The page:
This is the result of coming from, and now teaching, a design program that’s ambivalent about calling itself a design program and seems less than enthusiastic (I’m kind of tiptoeing around the possibility of offending anyone here, you see) about the profession. But I have always been interested in design, and I’ve been lucky that my mom has supported and cultivated this interest in her own way, ever since she saw my cutting holes into my socks to make onesies for my dolls.

From there, she would bring back bags and bags of fabric scraps whenever she’d get clothes made. Usually they just got piled into a corner, only serving their purpose much later when I was in college and needed swatches for projects. But that was about it. Other than sampling them for portfolios and such, the opportunity to really exhaust the full potential of a material as pliable and versatile as fabric did not present itself. What was exhausted instead was the idea that we weren’t designers. Unfortunately this was done without making it clearer what designers could and should be doing.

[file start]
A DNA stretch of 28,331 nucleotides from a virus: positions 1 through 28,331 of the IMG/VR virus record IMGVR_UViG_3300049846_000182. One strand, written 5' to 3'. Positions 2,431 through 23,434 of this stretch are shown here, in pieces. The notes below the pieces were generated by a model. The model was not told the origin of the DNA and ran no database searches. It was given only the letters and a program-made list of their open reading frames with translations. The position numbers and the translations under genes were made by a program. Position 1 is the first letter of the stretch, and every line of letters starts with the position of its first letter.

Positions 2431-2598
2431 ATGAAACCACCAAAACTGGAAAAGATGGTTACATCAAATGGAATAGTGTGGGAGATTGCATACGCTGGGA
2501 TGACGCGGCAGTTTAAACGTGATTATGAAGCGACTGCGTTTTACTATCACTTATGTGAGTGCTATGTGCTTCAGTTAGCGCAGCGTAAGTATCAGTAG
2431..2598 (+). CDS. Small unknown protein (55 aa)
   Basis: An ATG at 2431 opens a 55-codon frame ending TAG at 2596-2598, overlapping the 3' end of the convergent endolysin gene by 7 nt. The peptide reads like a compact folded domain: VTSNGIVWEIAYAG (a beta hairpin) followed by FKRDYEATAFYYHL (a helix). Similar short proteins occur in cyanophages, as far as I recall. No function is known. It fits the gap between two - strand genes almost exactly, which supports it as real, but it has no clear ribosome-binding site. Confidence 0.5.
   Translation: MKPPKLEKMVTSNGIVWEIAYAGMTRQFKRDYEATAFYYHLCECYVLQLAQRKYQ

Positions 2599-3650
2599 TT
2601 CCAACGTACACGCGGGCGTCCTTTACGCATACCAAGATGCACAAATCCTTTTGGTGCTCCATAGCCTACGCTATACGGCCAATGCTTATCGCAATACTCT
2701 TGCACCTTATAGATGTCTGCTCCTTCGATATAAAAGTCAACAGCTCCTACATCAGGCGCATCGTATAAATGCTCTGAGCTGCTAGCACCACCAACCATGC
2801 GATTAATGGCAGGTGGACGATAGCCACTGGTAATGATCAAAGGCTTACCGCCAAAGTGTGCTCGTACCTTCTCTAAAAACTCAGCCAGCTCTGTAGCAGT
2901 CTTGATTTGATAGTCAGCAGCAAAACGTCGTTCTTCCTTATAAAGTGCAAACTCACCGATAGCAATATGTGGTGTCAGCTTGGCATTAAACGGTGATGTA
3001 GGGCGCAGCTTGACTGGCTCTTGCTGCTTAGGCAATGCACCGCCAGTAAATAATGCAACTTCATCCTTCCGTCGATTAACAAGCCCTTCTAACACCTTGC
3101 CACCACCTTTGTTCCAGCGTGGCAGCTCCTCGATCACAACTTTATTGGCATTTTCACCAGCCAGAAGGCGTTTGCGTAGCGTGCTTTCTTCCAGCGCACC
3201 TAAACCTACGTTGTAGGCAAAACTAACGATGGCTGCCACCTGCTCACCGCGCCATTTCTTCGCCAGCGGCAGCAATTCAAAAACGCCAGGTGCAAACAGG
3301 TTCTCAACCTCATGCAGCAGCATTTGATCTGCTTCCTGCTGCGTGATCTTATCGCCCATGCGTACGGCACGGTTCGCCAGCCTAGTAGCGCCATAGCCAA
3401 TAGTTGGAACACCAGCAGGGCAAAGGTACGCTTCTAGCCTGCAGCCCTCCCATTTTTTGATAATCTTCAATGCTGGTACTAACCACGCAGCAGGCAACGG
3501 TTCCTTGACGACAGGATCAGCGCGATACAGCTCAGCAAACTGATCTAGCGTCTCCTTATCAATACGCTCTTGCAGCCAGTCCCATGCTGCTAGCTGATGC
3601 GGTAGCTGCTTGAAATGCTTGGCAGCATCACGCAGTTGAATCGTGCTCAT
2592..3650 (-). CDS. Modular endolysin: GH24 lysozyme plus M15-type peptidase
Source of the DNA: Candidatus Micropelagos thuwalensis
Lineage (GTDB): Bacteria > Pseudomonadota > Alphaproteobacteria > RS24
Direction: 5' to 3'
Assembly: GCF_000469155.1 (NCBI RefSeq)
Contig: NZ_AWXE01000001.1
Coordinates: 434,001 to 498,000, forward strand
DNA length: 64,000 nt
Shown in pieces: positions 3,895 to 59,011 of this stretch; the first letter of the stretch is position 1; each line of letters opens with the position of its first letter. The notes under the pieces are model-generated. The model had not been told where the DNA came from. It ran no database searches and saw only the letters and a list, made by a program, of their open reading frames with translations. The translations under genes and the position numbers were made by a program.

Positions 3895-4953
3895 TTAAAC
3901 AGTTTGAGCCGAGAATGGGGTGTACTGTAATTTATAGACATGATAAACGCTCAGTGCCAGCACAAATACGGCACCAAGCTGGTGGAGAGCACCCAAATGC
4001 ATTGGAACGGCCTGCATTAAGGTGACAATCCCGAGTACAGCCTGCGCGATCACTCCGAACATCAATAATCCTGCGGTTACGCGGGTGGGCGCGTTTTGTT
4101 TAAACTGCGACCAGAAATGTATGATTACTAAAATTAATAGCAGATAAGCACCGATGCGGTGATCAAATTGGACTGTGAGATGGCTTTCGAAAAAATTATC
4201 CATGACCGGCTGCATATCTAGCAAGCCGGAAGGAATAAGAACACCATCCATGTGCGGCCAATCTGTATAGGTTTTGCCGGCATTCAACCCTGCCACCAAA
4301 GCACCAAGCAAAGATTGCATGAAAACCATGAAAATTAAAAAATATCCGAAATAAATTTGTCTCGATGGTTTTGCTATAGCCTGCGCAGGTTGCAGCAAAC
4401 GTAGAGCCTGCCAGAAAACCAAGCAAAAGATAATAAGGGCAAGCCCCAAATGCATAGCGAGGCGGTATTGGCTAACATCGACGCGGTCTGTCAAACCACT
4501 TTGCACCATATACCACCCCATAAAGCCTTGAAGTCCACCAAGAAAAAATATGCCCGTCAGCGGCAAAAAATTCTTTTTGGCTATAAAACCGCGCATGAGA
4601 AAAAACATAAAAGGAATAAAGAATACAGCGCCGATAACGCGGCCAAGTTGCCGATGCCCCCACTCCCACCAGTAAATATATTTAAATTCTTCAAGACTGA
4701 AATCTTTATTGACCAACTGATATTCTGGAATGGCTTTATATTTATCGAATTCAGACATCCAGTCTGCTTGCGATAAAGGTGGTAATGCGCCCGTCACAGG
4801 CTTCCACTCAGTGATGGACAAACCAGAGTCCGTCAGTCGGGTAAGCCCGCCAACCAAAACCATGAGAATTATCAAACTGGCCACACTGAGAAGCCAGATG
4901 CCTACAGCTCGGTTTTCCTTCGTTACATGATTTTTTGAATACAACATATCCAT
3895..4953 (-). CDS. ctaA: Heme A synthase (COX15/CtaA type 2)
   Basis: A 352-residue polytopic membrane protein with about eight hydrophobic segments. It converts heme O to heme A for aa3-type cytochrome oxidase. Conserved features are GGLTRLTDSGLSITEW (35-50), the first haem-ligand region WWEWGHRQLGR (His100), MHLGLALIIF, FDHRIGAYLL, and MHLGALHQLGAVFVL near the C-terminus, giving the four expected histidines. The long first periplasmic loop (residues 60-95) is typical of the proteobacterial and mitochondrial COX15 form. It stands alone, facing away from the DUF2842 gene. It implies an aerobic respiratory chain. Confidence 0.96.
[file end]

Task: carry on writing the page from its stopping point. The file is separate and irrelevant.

There were other things that complicated this issue: for one, there’s the lack of a budget. We’ve been told we had to raise our own funds for our facilities – which is bullshit. It’s a public institution, and to apply the strategies of the private sector to running it is just cruel. We also come from a culture wherein aesthetic pleasure can only come from a place of economic stability.

All bullshit, and all bullshit capped by the nature of the institution that is supposed to be nurturing it.

the mushroom chair, sorry captions to follow